Brendan Moar won Best In Show with his ‘Suspended’ garden, which paired hard lines with soft, rounded shapes. The shimmering steel ‘S’ planters and hanging chains were set against the black fencing and supports, which made this structure appear to be floating.
Up in the air
“I wanted to create a garden which is all about celebrating the plant,” says Brendan. “The architecture of this structure was driven by that idea.”
An open pergola is a wonderful way to allow nature to provide a shady canopy – try cascades of whispery rhipsalis paradoxa, an ‘air’ plant with aerial roots, to drape from frames.
A timber boardwalk was built to extend across a pond; for a similar look in a moisture-rich spot, try Ekodeck composite boards (from $32.29/5.4m at Bunnings) – unlike hardwood, it doesn’t require oiling or painting.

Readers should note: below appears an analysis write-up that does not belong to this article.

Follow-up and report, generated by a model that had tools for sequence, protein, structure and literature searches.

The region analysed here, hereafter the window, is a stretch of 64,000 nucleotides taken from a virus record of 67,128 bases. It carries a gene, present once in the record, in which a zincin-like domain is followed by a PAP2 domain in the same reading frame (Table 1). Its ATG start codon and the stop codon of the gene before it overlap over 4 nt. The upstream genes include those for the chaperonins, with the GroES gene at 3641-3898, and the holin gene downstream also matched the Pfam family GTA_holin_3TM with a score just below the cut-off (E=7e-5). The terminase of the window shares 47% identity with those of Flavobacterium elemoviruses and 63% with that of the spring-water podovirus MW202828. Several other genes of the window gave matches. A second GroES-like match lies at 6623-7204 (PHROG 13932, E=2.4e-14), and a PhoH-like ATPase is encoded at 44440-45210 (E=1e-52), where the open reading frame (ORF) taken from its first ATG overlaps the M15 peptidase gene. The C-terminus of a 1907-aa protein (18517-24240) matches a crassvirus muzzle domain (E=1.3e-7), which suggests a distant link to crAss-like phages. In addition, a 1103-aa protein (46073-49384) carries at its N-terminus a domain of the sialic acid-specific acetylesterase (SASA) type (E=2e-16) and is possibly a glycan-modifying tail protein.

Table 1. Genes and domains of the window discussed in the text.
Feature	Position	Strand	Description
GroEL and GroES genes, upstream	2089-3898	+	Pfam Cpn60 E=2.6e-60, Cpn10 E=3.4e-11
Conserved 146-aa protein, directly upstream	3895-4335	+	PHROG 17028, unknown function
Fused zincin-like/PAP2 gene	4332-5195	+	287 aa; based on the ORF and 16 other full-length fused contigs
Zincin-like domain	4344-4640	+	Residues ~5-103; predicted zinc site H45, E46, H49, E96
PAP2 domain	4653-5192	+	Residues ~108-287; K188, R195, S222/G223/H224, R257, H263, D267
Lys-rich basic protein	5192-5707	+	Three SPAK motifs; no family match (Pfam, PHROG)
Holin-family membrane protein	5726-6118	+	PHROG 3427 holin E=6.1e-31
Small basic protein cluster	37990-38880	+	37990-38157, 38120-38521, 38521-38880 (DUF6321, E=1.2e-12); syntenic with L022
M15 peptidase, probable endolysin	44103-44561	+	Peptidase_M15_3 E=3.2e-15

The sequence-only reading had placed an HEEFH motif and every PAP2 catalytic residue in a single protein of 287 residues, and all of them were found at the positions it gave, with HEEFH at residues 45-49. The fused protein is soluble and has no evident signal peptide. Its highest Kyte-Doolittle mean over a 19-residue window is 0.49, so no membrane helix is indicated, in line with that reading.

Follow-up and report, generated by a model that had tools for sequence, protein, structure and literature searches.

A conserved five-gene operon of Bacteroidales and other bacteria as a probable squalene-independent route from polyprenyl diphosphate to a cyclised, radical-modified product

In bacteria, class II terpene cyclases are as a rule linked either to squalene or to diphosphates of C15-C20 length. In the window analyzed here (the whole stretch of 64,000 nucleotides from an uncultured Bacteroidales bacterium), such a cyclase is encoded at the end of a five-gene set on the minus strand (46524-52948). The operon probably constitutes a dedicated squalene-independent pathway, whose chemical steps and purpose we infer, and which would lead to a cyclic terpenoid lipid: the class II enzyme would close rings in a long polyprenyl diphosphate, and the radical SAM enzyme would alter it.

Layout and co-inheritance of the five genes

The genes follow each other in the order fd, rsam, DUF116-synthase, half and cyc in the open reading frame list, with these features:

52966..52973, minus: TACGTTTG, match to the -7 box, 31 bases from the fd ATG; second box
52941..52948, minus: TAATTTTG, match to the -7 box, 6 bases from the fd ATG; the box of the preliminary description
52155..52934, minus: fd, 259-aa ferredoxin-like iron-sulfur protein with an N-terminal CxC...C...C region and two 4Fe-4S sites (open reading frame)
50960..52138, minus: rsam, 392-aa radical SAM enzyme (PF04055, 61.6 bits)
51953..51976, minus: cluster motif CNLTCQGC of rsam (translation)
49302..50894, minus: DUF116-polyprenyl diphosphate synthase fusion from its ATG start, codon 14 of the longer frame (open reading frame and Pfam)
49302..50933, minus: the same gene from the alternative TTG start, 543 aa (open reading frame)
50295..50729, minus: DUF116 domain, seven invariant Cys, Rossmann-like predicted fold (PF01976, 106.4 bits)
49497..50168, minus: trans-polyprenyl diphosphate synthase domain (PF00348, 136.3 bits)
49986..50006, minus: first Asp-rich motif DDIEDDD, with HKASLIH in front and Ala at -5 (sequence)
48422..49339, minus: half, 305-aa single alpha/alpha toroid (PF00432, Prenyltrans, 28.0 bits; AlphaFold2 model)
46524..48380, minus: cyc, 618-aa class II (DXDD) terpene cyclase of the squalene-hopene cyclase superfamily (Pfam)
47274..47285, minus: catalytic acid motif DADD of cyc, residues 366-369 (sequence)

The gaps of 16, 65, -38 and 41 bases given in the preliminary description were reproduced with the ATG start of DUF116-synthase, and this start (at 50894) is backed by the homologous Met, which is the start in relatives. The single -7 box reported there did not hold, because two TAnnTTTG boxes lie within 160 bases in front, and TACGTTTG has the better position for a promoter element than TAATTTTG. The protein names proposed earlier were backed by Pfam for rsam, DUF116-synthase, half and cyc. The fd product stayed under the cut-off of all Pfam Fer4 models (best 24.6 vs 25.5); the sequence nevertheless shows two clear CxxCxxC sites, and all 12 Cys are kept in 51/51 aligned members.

Garden designer Phillip Withers, with help from Tida Lighting, created a restful dining area that came into its own after the sun set. The ‘Popper’ pendant light by Lab De Stu made
a focal point of the Tait dining table and chairs, while the Outdeco ‘Star Anais’ Australian hardwood screens were backlit to show off their pretty pattern.
The vibrant greens in this textural vertical garden by Phillip Withers contrasts with the rich patina of the screen.
‘September Sky’, the space created by UK designers Andrew Fisher Tomlin and Tom Harfleet, starred a selection of Australian native plants. Eucalyptus trees, gymea lilies, hardy westringia and perennials such as lomandra are ideal for those seeking low-water and low-maintenance outdoor spaces.
The plantings were intermingled with aggregate in different sizes for a stunning dry garden, ranged around a roofless timber pavilion, designed to enjoy clear blue spring skies.